Tot School Felt Shapes

Some tips:

Don’t make tot school (or even preschool) structured.  It will only cause issues in the future for both you and your child.

Some topic ideas: colors, shapes, numbers, and holidays

Keep it simple.  Don’t force too much in one day.  Sometimes our learning was 10-15 minutes, and that is ok! Don’t get frustrated, their attention spans are so short.

Make the activities easily accessible.  Put the activities on trays, or in bins, on a low shelf or table top.  You may find your child playing with them many times throughout the day.

And once again, because I can’t stress this enough, make it fun! Play, play, play!

Tot School Shoe Box Puzzle

 

 

Homeschool Basics

Homeschooling with Toddlers- 3 Helpful Tips

Child doing schoolwork with toddler playing with "Homeschooling with Toddlers Text"

Homeschooling can be hard and overwhelming on it’s own.  But add a toddler into the mix and it can become much more difficult.  At least in my case, it was.

Nap time!

Homeschooling with toddlers in the household is pretty distracting.  The very first tip I can give, from my own experience, is to try to plan school learning and activities during nap times.  Of course, this doesn’t always work.  When Wesley was younger, it took him forever to fall asleep, and stay asleep, for naps. And he didn’t nap every day.  But when he did, we were able to knock out a solid hour or two of school work and crafts.  (We were doing pre-K reading at the time, so it didn’t take long anyway)

All by myself boxes and sensory play, always a winner!

Sensory bin picture collage

During those days that Wesley did not sleep, I needed to try to distract him with other activities while Tanner and I did school work.  Sometimes I would put together an “All By Myself” box for him to play with.  In these boxes I would have a puzzle or two, flash cards, an activity game (like lacing cards, or color sorting manipulatives), a smaller box of sensory items (dry beans and lentils, colored dry rice and pasta, large buttons of various colors and shapes, dry oatmeal, seashells, rocks, etc…), and tools and cups. Sometimes I would add playdoh to the box instead of sensory items.  We would always do school work with Wesley and the box right next to us because a lot of the sensory items were small, and he obviously needed to be watched while playing.  The only issue with using these boxes, was that Tanner really wanted to join in, as well.  So it was a nice incentive for him to finish what he was working on, so he could play with the boxes.  Also, I’d like to add that you don’t have to go spending a ton of money on this.  The Dollar Tree has a lot of very good manipulatives and crafty trinkets.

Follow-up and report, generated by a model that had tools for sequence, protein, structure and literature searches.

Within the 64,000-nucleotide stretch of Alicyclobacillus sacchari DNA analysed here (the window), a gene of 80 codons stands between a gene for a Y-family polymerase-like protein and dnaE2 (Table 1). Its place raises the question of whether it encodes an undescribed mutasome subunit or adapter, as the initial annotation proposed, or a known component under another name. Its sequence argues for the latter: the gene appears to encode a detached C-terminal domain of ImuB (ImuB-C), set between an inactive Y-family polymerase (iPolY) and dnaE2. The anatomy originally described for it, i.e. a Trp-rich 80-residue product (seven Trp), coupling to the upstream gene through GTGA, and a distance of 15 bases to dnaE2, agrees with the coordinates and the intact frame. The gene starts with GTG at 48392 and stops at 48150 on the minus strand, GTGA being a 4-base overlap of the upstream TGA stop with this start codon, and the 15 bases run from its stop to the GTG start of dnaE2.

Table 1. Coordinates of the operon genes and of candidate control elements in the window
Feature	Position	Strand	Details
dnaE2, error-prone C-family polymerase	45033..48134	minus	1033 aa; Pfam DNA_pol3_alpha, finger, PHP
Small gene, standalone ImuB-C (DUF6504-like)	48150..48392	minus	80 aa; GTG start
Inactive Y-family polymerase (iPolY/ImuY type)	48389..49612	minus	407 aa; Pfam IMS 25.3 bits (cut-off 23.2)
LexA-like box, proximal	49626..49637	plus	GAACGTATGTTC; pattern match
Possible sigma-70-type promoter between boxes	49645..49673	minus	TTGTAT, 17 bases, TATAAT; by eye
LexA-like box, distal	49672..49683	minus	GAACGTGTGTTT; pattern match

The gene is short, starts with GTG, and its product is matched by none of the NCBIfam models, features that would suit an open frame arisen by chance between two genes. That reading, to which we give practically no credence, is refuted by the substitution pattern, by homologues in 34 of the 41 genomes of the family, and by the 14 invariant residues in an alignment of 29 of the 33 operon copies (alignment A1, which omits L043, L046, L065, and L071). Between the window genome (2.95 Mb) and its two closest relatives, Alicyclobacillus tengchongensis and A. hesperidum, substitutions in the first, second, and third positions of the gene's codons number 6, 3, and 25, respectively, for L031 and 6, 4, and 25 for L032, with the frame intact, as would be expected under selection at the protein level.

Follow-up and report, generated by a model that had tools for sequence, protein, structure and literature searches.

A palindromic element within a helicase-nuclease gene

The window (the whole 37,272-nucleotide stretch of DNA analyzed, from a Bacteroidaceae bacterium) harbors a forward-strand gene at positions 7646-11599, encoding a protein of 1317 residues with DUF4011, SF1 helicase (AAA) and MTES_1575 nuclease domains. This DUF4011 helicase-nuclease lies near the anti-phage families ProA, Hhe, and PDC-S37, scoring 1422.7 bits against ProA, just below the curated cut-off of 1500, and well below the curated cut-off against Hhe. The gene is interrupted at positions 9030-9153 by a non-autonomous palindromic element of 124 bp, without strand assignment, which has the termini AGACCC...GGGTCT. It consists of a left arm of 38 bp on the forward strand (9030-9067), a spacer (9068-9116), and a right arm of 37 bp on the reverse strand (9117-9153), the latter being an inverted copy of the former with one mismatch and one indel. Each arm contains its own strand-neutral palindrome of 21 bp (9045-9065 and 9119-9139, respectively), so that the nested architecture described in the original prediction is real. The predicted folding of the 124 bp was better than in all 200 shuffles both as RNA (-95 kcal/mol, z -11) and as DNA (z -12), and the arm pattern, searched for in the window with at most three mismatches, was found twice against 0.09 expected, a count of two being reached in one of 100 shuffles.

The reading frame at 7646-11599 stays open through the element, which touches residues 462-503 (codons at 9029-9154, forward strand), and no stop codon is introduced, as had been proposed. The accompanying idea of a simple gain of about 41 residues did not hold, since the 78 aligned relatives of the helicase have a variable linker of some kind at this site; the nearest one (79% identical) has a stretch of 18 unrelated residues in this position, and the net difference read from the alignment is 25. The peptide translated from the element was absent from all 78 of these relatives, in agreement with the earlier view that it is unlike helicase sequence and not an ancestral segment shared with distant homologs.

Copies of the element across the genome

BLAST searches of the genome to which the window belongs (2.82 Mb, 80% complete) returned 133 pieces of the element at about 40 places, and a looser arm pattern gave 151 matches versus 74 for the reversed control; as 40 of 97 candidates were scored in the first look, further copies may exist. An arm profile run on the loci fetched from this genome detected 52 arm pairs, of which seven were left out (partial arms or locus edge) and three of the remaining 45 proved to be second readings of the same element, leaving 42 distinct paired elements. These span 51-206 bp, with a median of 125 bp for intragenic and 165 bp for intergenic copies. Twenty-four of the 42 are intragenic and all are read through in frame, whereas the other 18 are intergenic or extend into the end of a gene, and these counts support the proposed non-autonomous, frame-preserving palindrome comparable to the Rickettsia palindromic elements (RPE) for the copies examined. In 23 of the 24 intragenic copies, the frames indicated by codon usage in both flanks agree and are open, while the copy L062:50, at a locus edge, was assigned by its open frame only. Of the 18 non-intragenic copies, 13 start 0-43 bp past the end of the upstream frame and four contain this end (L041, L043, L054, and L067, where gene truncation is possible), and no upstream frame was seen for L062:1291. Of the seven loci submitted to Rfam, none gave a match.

Color sensory bin collage

All by myself sensory box picture collage

Begin fine motor learning.

As Wesley got a little older, we started doing a little more fine motor play.  I gave him a dry erase board to scribble on, a fun dry erase book, and of course, crayons and paper.  Another great activity for toddlers is do-a-dot learning pages.  I really like the do-a-dot markers because they are like paint and markers, but not nearly as messy!  Which is wonderful when you’re trying to teach another child at the same time.  Toddlers are awesome at creating messes in the smallest amount of time!

Toddler sorting shapes

These are some of the things that really helped me out when Wesley was a small toddler.  If everything else failed, I would put a movie on and hope it distracted him long enough for a little productive school time.  Things have totally changed for us now as Wesley is adamant on joining us every minute, to do his own school work.